Understanding a given concept, therefore, requires that we put it in the context of the related concepts for those things in reality that contrast with its units. One of the key tools in philosophical analysis is to ask of a given concept: “X as opposed to what?” For example, we gain a clearer understanding of why we need separate concepts of “knowledge” and “truth” when we see that the first is contrasted with ignorance whereas the second is contrasted with falsity.
CCD. Uniting the units and the contrast objects is the Conceptual Common Denominator: the variable dimension on which the units of a concept are similar to each other and different from the contrast objects. Identifying the CCD(s)--and there are normally more than one--allows us to understand explicitly the nature of the contrast we are drawing between the units of a concept and other things. In forming a definition, the CCD is involved in identifying the genus and the relevant differentiae. For example, how do we define “government”? Well, what are we contrasting governments with? Other social institutions. What are the dimensions of institutions? They have purposes; they employ various means in pursuit of those purposes; they have internal structures of offices and roles, and rules for filling offices and making decisions; they have effects of various kinds on people outside the institution. These are the CCDs that enable us to form a definition to the effect that government is an institution which pursues [some end] by means of [certain actions].
Measurement-Omission. Measurement-omission is the process by which we isolate the common dimension uniting the units of a concept from their specific measurements on that dimension. But to isolate is not to treat as nonexistent. Units are existents that we regard first as similar, and then--once we have formed a concept--as identical. But they are still existents; our cognitive method of regarding them in a certain way does not change the fact that, as existents, they are concrete and determinate, with specific values on each of the variable dimensions we use to compare them. The relation between a concept and its units is the same as that between a variable like length and a particular length like three inches.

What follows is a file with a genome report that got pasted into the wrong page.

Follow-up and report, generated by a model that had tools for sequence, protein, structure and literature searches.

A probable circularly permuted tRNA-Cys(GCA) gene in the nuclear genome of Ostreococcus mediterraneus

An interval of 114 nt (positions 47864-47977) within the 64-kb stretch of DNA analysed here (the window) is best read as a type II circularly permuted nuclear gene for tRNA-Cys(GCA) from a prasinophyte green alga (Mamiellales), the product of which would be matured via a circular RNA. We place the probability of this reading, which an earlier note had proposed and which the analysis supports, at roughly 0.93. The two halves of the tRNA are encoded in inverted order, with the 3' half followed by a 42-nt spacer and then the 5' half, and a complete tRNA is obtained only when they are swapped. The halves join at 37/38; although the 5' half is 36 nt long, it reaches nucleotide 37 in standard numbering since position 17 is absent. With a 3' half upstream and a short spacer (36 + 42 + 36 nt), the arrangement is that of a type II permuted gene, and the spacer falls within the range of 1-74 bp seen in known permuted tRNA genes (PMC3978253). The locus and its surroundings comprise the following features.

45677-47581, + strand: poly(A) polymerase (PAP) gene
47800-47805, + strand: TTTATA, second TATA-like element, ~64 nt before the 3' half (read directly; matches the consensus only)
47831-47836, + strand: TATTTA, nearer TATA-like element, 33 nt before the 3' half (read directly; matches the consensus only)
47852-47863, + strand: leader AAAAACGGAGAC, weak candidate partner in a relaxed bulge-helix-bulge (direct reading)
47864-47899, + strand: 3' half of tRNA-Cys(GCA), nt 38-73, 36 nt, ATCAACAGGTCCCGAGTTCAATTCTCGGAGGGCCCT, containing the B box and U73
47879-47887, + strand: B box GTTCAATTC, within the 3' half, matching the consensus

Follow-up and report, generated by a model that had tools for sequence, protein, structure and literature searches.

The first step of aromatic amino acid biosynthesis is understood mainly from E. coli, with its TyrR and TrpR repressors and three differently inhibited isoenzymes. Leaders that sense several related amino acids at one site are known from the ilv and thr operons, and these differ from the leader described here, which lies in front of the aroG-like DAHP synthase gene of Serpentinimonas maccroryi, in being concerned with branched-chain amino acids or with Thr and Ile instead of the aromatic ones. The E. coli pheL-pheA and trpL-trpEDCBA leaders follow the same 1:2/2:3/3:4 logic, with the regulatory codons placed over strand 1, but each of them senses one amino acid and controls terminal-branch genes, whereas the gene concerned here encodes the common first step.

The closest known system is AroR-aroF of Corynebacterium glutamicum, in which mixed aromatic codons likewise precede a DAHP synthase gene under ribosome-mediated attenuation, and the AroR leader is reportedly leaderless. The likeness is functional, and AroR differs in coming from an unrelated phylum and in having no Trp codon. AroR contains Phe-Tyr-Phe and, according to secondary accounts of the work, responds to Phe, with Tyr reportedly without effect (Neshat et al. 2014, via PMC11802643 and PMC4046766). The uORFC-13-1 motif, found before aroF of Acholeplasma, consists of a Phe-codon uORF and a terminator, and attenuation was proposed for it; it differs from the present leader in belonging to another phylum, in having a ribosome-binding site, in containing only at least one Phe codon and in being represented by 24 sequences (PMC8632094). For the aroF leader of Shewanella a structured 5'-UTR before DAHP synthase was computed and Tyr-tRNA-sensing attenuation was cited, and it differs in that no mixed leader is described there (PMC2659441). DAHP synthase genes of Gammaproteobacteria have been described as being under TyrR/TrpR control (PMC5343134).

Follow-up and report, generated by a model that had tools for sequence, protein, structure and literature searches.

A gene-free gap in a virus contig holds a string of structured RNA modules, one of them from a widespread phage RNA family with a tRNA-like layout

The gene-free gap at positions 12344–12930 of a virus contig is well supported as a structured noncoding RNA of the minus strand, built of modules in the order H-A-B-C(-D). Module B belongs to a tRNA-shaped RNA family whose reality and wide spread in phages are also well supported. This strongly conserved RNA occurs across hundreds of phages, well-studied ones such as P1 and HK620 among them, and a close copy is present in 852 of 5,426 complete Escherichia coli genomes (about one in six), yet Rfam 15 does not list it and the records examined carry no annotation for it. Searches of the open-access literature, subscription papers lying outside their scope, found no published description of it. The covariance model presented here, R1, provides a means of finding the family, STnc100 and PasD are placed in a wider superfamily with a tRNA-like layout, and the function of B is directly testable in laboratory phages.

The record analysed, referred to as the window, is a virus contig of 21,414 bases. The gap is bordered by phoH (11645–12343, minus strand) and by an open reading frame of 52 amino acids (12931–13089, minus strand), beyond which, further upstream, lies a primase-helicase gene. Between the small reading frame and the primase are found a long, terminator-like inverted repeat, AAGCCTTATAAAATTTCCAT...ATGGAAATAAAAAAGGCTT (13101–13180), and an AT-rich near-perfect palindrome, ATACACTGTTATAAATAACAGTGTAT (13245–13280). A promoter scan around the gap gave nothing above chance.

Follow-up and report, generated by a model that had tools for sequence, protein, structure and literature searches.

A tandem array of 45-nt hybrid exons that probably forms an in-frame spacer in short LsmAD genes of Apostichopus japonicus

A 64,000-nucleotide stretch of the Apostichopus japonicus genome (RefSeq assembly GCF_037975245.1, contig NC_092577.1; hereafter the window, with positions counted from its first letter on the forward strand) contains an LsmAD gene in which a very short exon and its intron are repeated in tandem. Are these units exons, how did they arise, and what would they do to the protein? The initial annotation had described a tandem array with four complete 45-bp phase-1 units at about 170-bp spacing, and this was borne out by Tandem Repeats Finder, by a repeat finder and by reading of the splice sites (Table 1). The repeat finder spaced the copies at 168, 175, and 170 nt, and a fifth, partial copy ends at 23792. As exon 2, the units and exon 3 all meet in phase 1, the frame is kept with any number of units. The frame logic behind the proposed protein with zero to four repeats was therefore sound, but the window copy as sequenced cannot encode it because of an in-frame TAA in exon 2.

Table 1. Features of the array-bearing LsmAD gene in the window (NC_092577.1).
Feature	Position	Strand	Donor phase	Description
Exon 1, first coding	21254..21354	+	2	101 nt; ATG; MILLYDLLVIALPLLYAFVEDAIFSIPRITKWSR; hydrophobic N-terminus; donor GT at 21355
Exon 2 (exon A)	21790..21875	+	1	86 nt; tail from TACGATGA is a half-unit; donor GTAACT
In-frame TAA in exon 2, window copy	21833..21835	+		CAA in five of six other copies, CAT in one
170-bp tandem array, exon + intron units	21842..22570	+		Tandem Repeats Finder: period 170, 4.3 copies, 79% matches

Some-but-any Principle. The some-but-any principle (the units must have some specific quantitative relations to each other, but may have any relation) expresses this aspect of measurement-omission. It is the principle that best expresses how the broader primacy of existence applies to concepts. Our concepts involve a great deal of cognitive processing, but the content of a concept is still existents. If you take away the units and try to consider a concept simply as an idea in the head, you have no content left, you have sheer cognitive absence. Philosophers are prone to ignoring this principle and treating concepts as internal ideas detached from their units. This is the view implicit in the distinction between meaning and reference, connotation and denotation, etc.
In this CyberSeminar, I propose that we pay careful attention to conceptual methodology. Participants should feel free to interrupt the substantive discussion with questions about how we are employing concepts.
Another suggestion--actually, an implication of the foregoing--is that we should watch carefully to see how the philosophers we are reading employ concepts. We naturally have the impulse to seek a clear interpretation of what an author is saying. But if he does not ground his concepts in observation, never specifies their units or contrast objects, or commits other methodological sins, his statements may not have a definite meaning or truth conditions. As anywhere else in life, charity in interpreting an author is a secondary virtue, secondary to justice.